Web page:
To make sure you never miss out on your favourite NEW stories, we're happy to send you some reminders
Click 'OK' then 'Allow' to enable notifications
Scott Morrison has called on states and territories restricting unvaccinated Australians from participating in normal life to relax their rules.
The Prime Minister believes that while high rates of vaccination are key in getting out of the coronavirus pandemic, people who haven't got the jab should be allowed some freedoms.
Mr Morrison explained how Aussies deserve to 'get a cup of coffee in Brisbane regardless of whether you've had a vaccine or not' if the state has more than 80 per cent of the eligible population vaccinated.
Speaking in New South Wales, the PM said: "Now it's time for governments to step back and for Australians to take their life back.
"We aren't in favour of mandatory vaccines imposed by the Government. Businesses can make their own choices on the law but we aren't about telling them or Australians what to do.
"Vaccines are only mandatory in cases where you have health workers working with vulnerable people.
"That's what our medical advice has always been and, as we get above 80 per cent in particular. They should be able to go to a get a cup of coffee in Brisbane regardless of whether you've had a vaccine or not."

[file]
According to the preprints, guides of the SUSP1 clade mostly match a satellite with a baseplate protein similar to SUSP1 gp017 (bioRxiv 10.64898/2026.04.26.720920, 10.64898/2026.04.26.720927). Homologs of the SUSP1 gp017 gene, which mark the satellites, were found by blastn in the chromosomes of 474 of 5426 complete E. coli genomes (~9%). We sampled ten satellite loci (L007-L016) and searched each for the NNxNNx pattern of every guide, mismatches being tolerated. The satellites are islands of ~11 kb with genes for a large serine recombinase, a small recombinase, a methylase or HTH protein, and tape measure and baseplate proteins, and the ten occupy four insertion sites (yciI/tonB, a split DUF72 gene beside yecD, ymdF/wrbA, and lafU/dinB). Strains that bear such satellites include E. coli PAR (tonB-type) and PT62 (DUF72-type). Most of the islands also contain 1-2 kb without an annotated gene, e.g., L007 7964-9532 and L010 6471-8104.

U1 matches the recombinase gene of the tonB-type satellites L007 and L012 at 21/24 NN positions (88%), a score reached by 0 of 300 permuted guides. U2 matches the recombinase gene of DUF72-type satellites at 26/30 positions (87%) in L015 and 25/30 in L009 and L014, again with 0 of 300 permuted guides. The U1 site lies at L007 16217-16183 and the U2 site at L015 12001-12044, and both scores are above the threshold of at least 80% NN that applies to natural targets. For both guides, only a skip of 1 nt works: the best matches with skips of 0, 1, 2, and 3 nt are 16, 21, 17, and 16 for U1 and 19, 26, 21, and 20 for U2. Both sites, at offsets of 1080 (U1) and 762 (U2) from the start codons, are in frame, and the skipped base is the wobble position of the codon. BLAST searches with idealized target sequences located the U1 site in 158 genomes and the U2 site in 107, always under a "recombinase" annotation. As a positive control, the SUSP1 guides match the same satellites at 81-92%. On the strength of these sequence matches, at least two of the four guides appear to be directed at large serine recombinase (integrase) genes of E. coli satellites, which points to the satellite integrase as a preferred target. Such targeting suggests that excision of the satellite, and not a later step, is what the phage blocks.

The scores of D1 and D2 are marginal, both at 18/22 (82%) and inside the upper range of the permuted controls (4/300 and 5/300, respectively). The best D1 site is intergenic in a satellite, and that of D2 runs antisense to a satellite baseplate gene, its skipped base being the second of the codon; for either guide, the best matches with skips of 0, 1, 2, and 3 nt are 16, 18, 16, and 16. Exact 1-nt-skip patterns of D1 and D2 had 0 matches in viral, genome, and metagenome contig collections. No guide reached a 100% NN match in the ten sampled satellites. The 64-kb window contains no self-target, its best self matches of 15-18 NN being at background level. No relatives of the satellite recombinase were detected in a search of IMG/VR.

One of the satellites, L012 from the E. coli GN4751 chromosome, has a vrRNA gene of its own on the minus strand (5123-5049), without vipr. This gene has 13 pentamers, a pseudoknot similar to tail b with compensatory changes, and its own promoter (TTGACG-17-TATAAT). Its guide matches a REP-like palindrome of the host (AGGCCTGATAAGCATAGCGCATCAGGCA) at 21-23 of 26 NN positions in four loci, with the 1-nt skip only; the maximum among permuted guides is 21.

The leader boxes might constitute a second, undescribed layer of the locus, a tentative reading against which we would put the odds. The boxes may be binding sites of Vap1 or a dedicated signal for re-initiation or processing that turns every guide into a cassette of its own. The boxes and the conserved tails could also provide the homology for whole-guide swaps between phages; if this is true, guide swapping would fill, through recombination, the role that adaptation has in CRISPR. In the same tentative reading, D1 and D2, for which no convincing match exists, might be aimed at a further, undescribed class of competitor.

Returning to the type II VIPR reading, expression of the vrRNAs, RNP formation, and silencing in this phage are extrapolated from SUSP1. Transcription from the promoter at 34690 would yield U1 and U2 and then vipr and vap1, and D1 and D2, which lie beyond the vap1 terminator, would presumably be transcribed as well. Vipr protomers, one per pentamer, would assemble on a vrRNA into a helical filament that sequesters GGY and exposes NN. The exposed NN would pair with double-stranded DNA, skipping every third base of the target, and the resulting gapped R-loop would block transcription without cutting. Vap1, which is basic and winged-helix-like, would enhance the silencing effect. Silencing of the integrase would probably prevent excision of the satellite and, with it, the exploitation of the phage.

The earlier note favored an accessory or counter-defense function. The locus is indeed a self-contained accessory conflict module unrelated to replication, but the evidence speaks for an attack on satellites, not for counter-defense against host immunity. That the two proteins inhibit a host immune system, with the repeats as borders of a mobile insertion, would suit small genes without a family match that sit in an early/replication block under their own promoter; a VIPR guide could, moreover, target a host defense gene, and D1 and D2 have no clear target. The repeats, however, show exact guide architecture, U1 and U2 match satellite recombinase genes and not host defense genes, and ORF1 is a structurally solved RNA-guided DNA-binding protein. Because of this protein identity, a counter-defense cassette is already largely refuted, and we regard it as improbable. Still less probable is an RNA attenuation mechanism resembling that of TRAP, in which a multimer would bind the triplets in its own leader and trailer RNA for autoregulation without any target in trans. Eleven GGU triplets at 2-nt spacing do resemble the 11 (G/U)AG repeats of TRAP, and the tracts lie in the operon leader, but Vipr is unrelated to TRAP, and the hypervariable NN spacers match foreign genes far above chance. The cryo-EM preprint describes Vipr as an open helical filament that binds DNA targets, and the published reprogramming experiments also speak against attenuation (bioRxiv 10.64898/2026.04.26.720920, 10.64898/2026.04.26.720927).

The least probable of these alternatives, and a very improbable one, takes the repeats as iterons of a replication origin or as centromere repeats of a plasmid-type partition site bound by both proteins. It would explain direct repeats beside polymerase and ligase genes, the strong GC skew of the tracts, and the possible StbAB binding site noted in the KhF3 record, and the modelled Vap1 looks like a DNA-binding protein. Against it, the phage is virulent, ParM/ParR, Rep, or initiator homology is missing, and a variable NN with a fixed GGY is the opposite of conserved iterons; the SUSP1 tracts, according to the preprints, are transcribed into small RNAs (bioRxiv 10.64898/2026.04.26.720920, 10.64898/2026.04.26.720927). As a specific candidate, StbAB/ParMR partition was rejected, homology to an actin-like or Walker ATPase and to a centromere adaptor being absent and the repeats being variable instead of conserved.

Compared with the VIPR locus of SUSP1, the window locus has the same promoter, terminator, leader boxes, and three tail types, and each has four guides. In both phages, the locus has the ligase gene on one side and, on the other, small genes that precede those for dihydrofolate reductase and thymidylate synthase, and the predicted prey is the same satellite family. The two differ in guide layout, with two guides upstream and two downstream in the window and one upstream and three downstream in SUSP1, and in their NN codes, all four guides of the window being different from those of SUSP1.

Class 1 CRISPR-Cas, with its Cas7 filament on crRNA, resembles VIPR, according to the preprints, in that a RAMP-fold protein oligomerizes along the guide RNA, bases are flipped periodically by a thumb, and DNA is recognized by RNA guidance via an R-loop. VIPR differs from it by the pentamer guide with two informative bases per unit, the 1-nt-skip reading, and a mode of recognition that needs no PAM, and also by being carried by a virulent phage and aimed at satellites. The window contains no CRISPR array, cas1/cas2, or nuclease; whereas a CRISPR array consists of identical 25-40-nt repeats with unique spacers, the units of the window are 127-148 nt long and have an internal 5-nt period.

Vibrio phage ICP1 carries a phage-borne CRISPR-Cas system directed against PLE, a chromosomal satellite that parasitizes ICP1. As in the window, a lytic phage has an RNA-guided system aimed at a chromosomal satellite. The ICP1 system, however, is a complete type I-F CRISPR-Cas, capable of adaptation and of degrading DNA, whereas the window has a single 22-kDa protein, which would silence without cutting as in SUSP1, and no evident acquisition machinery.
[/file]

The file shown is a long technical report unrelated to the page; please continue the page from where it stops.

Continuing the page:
He said the only time mandatory vaccinations are required is in specific industries like healthcare.
Scott Morrison has called on state and territories to look at their roadmap out of the pandemic and see whether they can give their residents some freedoms.
New South Wales is set to abandon vaccine passports at restaurants, cafes, nightclubs and the like from December 15.
However, Queensland is set to bring in the technology to ensure patrons are fully vaccinated two days after NSW axes its program.
The move from Premier Annastacia Palaszczuk has angered some politicians who are against the idea of vaccine passports.
Scott Morrison indicated last week that vaccine mandates won't be brought in on a national level.
He told Sunrise: "We live in a country where we are not going to go around demonising those who want to make their own choices. It think that's very important. That's not how my Government sees it.
"Of course we want people to get vaccinated but we are not going to take that heavy-handed approach which the Labor party always seems to like doing, whether it's Bob Carr or many of the others who have come down with those types of views.
"It's not our approach."